About Tarana

I’m three generations in the Bronx. My grandfather came from St. Kitts to the Bronx and my grandmother came from South Carolina to the Bronx – both as little children. The Bronx is part of my family’s identity. I grew up in what they call the south Bronx which is really the west Bronx, around Jerome avenue. I also grew up right at the dawn of Hip-Hop becoming more mainstream. Seeing people like Slick Rick and Dougie Fresh and growing up as a teenager, Hip-Hop in the 90s was a big part of my life. Public Enemy coming out was the marriage of what I loved, which was Hip Hop, being from New York, and also social justice.

I was always moved by thinking about Hip-Hop as an organizing tool particularly Public Enemy, Poor Righteous Teachers or even Tribe in the ways they told stories and presented an alternative for Blackness. I come from a family that was very Black. I couldn’t wear combinations of red, white and blue. My grandfather would pick me up on the weekends and we would drive to 125th street to Harlem Music Hut, where you could get all your mixtapes from, but they also had cassette tapes of elder scholars like John Henry Clark or Dr. Ben Joseph. And we would drive around listening to that. We were Black like that.

And when I was in the seventh grade I was in catholic school and my grandfather started telling me about how Catholics had slaves, and started giving me books to read like Roots, then Before the Mayflower and They Came Before Columbus in the seventh grade. I was like ‘why are you trying to destroy my life and what I understand to be the way the world works.’ I appreciated what he did, but I also wish it had been done differently because then I went through a period of anger. That carried me halfway through high school and then I found a way to take that feeling and make that become work.

I joined 21st Century Leadership Movement at 14. It became a way to take all this knowledge and cultural awareness and historical awareness my family gave me, and put that into action. They helped me identify and understand what injustice and justice looked like.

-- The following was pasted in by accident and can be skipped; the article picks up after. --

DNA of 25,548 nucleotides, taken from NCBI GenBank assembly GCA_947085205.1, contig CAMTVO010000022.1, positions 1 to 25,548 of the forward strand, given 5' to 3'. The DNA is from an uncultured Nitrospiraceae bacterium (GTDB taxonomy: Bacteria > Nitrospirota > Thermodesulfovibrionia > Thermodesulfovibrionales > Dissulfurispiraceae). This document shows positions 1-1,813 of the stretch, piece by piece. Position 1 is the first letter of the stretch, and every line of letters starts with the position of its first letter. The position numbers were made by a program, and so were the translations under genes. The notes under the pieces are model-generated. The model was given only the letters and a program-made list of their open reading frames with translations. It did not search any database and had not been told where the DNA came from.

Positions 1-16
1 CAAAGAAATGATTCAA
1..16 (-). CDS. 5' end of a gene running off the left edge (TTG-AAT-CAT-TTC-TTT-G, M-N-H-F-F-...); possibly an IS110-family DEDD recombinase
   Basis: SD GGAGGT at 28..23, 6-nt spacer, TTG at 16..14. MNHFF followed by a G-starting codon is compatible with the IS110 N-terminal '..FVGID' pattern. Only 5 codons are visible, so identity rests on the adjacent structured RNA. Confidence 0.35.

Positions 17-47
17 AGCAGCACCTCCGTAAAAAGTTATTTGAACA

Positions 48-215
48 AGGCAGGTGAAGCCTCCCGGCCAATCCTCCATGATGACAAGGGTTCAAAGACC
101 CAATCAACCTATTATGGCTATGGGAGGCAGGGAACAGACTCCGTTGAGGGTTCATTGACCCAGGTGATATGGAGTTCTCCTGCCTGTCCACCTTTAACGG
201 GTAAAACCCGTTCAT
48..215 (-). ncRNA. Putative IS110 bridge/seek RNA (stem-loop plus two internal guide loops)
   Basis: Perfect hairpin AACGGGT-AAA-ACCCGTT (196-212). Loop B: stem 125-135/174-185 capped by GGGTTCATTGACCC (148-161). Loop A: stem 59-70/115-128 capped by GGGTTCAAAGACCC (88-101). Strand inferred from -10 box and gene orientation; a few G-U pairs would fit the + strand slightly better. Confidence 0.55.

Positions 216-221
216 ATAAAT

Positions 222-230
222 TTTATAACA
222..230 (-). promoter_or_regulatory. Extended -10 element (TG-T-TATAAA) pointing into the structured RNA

I remember in the 6th and 7th grade loving history and American history. I used to know the preamble to the Constitution. I was drawn to the story of America and how we came to be. Even though I knew about slavery and I knew about how we were enslaved, there was still something that was attractive about the American story until my grandfather introduced me to all these different narratives that started peeling away at that. I remember when I recited the preamble to the Constitution to him, he was appalled. That’s when he gave me They Came Before Columbus and said ‘You need to read this.’ And as I was introduced to these different narratives, on my own, I started to understand the complexity of what it is to be American, and what America was. And then the truth, and also the idea that the truth is not just the truth. The truth based on who you are and who’s telling it, and how it’s been told, and when it’s being told, and who it’s being told to. I didn’t realized that Black people had our own truth of what it was to be American, and what it was to be in America.

That understanding made me confused. It made me angry trying to grapple with that. Then I was introduced to this idea that you don’t just have to read about oppression, you don’t just have to study and look at it and see it and be angry about it, but you can be active. You can be out here. The premise of 21st Century, the organization, was to continue the legacy of the civil rights movement, Black power movement, labor movements, in a new generation. When I was introduced to those narratives, I realized these people were my age. They were in the marches getting hosed. Once I saw that, I realized that we shape history.

Our truth has always been weaponized against us. The way to push back against these other false narratives is to weaponize it for us. It’s also what I’m dealing with now around the #MeToo movement. People keep saying ‘oh the white people have taken it from you, the white people are co-oping, the #MeToo movement is not for us, it’s for white people.’ Here’s a thing that you know is true. You have a person here who founded or started doing this work. How can it also then be true that it’s not for us? And so I’ll continue to hold it up and say this is for us. This is true this is for us. Non Black people are going to do whatever they want to do, it doesn’t matter. We stay so focused on what they’re doing as opposed to what the power we have that we just give our power over. If we teach our children and teach each other to stop relinquishing our power – it is what we say it is. This is powerful because I said it’s powerful and it doesn’t matter what somebody else is saying.